At some point in your DIY audio projects, you’re going to need a way to input audio into your circuits. One of the most versatile ways to do that is to use a 3.5 mm stereo audio jack. These can be salvaged from an old set of portable audio headphones. If you cut off the ear buds, you can plug the jack into an audio source and connect the wires directly to your circuits.
In this tutorial, I’ll show you how to wire the two most common types of audio jacks – TRS and TRRS.
The T stands for “tip”; the R stands for “ring” and the S stands for “sleeve”:
TRS Audio Jack
TRS audio plugs are found on standard stereo headphones that don’t have a microphone. After you cut into the cable, you’ll probably find one of three common ways these can be wired:
- Copper wire ground sheath wrapped around two insulated audio signal wires.
- Two separate insulated wires, each with its own signal wire and a ground wire inside.
- Separate insulated wires for the ground, right audio, and left audio inside a single cable.
Usually red wires are the right audio channel and blue wires are the left audio channel. Check the image below to see which wires are audio signal wires and which are ground wires in the most common TRS wiring schemes (image courtesy of DIY Perks on YouTube).
The wires are connected to the TRS plug like this:
Depending on the type of plug, you may have access to the pins inside the connector’s housing. The wires are connected to the pins of the plug like this (image courtesy of Rob Robinette):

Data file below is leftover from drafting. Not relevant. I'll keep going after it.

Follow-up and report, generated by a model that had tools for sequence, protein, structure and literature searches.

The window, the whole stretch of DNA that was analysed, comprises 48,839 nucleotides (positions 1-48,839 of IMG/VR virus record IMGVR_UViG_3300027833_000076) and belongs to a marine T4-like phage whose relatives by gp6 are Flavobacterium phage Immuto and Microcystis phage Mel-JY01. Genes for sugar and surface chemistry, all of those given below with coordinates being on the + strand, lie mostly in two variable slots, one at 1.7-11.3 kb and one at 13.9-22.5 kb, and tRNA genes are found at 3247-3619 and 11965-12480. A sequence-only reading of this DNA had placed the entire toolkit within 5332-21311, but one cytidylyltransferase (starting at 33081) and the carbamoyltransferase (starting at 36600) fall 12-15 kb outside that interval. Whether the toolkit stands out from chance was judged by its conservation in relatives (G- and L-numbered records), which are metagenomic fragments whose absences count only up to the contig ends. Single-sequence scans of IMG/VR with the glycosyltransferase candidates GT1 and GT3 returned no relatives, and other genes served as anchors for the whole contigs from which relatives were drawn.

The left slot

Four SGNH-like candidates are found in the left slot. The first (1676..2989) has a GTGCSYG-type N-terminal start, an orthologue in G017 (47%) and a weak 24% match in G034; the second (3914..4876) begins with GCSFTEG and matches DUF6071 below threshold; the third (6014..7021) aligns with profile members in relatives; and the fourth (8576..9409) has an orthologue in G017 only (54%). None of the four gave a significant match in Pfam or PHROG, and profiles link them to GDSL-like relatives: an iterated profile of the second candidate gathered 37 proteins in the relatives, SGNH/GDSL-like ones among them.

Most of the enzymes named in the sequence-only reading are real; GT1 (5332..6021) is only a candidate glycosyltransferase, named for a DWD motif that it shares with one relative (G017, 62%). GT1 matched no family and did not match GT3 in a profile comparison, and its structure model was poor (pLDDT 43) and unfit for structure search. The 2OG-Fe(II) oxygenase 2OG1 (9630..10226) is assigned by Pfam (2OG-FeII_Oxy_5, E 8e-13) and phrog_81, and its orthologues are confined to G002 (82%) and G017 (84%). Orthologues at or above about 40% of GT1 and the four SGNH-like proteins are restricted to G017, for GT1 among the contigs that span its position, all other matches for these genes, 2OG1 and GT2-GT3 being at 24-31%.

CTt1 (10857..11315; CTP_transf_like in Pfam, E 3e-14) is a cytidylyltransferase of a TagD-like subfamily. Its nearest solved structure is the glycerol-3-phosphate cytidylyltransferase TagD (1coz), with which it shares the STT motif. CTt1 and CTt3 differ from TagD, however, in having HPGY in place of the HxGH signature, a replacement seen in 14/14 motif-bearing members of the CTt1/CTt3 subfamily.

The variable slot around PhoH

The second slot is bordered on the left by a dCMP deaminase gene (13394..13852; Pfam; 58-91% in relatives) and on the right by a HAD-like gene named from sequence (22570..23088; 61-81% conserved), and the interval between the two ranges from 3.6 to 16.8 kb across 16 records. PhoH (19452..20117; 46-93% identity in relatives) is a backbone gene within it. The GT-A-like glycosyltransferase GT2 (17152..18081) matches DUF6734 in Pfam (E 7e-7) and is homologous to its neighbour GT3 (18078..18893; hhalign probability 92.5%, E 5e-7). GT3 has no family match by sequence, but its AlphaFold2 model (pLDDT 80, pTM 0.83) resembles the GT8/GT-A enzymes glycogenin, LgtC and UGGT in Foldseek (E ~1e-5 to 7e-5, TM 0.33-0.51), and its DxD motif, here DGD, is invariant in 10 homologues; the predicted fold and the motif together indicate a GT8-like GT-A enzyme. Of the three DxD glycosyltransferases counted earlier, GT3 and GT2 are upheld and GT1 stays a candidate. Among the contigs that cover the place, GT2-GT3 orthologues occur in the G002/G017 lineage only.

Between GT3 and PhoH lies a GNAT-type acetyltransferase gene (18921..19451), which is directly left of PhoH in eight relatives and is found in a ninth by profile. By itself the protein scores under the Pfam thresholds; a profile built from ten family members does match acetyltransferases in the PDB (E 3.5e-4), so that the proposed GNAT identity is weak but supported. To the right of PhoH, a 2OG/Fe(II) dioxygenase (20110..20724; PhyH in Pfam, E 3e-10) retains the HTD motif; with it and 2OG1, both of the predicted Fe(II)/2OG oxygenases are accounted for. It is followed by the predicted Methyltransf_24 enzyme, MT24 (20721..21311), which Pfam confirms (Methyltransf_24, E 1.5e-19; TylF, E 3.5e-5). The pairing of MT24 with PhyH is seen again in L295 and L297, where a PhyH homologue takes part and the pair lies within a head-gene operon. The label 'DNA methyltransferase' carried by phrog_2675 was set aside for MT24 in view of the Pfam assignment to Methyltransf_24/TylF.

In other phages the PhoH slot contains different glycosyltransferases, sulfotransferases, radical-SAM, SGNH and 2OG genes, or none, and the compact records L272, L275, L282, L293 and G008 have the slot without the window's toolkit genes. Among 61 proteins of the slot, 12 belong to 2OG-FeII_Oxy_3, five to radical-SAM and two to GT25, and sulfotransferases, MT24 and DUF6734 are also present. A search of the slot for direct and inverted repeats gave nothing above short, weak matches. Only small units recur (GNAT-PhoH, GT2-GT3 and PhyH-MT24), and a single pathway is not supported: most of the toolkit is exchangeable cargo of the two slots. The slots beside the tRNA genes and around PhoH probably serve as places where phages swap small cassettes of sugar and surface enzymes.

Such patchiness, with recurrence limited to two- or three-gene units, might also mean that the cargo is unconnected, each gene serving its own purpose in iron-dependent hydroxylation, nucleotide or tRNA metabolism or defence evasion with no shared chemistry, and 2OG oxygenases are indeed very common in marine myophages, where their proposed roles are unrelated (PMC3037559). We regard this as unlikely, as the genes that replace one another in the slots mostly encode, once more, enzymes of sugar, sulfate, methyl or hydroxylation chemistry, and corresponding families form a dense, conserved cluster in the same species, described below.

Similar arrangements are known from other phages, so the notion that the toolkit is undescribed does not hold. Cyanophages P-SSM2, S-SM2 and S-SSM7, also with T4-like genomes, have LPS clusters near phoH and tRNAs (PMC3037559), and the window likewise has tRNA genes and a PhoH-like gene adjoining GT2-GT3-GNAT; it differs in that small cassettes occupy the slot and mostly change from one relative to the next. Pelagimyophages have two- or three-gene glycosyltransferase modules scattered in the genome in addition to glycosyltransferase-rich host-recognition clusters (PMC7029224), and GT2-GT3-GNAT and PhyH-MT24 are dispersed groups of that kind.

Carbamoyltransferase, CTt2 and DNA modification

If you only need a mono input, the left and right audio channel wires can be connected together.
Once you’ve identified the wires, simply solder them to the correct input channels in your circuit, or attach pin connectors so they can be used in a breadboard.
TRRS Audio Jack
The TRRS audio plug is found on iPhone headphones and other headphones that have a microphone. After you cut open the plastic insulating sheath you’ll find 5 separate wires:
- Solid red wire: right audio channel signal
- Red and copper twisted wire: ground for the right audio channel
- Solid green wire: left audio channel signal
- Green and copper twisted wire: ground for the left audio channel
- Red and green sheath with a copper wire inside: Inner copper wire is the microphone signal, outer sheath is the microphone ground.
You’ll also find a plastic cord that’s used to strengthen the headphone cable:
The TRRS plug connects to the wires like this:
If you can get to the pins inside the plug’s housing, the pins of the TRRS plug connect like this:
If you only need a mono audio input with the TRRS connector, you can combine the combine the red and green wires to make a single mono audio wire, then combine the ground wires to make a single ground wire.
There’s a very thin coating of insulating material on each wire, which is how they can be bundled together without any plastic insulation. Before soldering or connecting them to anything conductive, run a flame over the wires quickly to burn off the insulation, then wipe clean.
Once you’ve done that, the wires can be soldered directly to the inputs on your PCB, or connected to jumper wire pins so they can be inserted into a breadboard.